Cognitive diversity.
Having a variety of ideas, opinions, and perspectives within a group.

Cultural humility.
Cultural humility is a commitment to self-reflection, lifelong learning, mitigating power and institutional accountability by accepting personal limitations, and increasing self-awareness of biases and misperceptions to build relationships.

Cultural intelligence (CQ).
The extent that an individual can adapt to working with different cultures or bridge cultural understandings with empathy and without bias.

Diversity is about the individual. It is about the variety of unique dimensions, qualities and characteristics we all possess, and the mix that occurs in any group of people. Race, ethnicity, age, gender, sexual orientation, religious beliefs, economic status, physical ability, life experiences and other perspectives can make up individual diversity. Diversity is a fact, and inclusion is a choice.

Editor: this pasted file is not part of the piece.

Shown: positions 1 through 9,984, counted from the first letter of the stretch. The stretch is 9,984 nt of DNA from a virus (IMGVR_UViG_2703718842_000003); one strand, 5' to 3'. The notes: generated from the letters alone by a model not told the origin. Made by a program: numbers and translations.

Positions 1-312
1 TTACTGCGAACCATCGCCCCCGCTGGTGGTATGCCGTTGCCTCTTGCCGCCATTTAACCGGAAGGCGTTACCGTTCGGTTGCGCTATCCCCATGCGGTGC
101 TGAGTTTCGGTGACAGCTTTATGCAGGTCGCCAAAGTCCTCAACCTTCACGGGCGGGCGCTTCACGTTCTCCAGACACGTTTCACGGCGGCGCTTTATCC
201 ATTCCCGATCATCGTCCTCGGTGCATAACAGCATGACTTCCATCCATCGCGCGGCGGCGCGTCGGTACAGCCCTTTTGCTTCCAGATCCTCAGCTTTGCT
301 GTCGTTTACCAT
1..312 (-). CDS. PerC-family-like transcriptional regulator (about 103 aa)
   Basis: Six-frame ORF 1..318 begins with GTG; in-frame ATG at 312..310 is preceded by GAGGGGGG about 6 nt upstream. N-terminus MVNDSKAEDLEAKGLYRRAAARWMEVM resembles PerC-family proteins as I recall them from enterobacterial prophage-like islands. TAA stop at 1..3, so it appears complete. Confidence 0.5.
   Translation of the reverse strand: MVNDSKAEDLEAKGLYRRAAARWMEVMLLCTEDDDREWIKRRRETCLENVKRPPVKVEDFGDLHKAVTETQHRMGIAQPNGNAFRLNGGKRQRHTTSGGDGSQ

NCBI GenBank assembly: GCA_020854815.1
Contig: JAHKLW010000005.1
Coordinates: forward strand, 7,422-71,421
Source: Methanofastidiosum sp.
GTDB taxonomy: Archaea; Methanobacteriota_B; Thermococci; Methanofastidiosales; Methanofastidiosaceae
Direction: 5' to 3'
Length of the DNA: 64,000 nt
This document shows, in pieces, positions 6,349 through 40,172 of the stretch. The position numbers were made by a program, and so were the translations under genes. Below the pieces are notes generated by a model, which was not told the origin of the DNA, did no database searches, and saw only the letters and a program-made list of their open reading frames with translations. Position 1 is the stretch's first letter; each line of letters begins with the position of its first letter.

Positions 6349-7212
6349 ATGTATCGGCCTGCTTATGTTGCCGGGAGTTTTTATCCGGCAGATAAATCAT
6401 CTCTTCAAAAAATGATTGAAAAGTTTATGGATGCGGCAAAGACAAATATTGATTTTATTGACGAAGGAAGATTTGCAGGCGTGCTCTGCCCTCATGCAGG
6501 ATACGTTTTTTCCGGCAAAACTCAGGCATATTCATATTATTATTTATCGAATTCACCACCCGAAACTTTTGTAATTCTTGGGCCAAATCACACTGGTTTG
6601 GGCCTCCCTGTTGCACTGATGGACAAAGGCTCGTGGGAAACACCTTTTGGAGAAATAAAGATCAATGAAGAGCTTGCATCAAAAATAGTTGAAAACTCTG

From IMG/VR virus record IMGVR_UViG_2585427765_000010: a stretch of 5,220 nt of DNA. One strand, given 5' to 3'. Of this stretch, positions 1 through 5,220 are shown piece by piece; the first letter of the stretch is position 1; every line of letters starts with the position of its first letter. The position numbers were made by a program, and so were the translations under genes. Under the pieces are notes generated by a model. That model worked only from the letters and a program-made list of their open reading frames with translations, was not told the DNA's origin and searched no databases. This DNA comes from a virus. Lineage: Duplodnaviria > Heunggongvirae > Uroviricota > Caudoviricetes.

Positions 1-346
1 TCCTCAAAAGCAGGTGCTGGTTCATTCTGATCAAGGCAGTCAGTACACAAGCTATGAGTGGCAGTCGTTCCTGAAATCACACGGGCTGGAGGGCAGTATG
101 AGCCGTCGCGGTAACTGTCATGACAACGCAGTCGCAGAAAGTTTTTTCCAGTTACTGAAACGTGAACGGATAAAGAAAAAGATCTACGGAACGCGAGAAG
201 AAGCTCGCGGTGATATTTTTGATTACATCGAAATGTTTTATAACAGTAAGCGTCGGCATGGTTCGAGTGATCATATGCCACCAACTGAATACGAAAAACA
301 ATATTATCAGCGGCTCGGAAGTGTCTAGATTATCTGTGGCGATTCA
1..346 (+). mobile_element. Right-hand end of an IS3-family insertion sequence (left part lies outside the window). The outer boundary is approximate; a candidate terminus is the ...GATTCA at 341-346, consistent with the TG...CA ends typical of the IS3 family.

Environmental justice.
The belief that all individuals deserve equal access to healthy living conditions.

Where everyone is treated the same regardless of individual differences and needs.

Equal pay for equal work.
Refers to equal pay provisions in employment standards legislation that addresses situations where men and women are performing the same or comparable jobs. Equal pay for equal work takes skill, effort, responsibilities and working conditions into consideration when determining comparable jobs.

Where everyone is treated according to their diverse needs in a way that enables all people to participate, perform and engage to the same extent.

Equity-seeking groups/equity-deserving groups.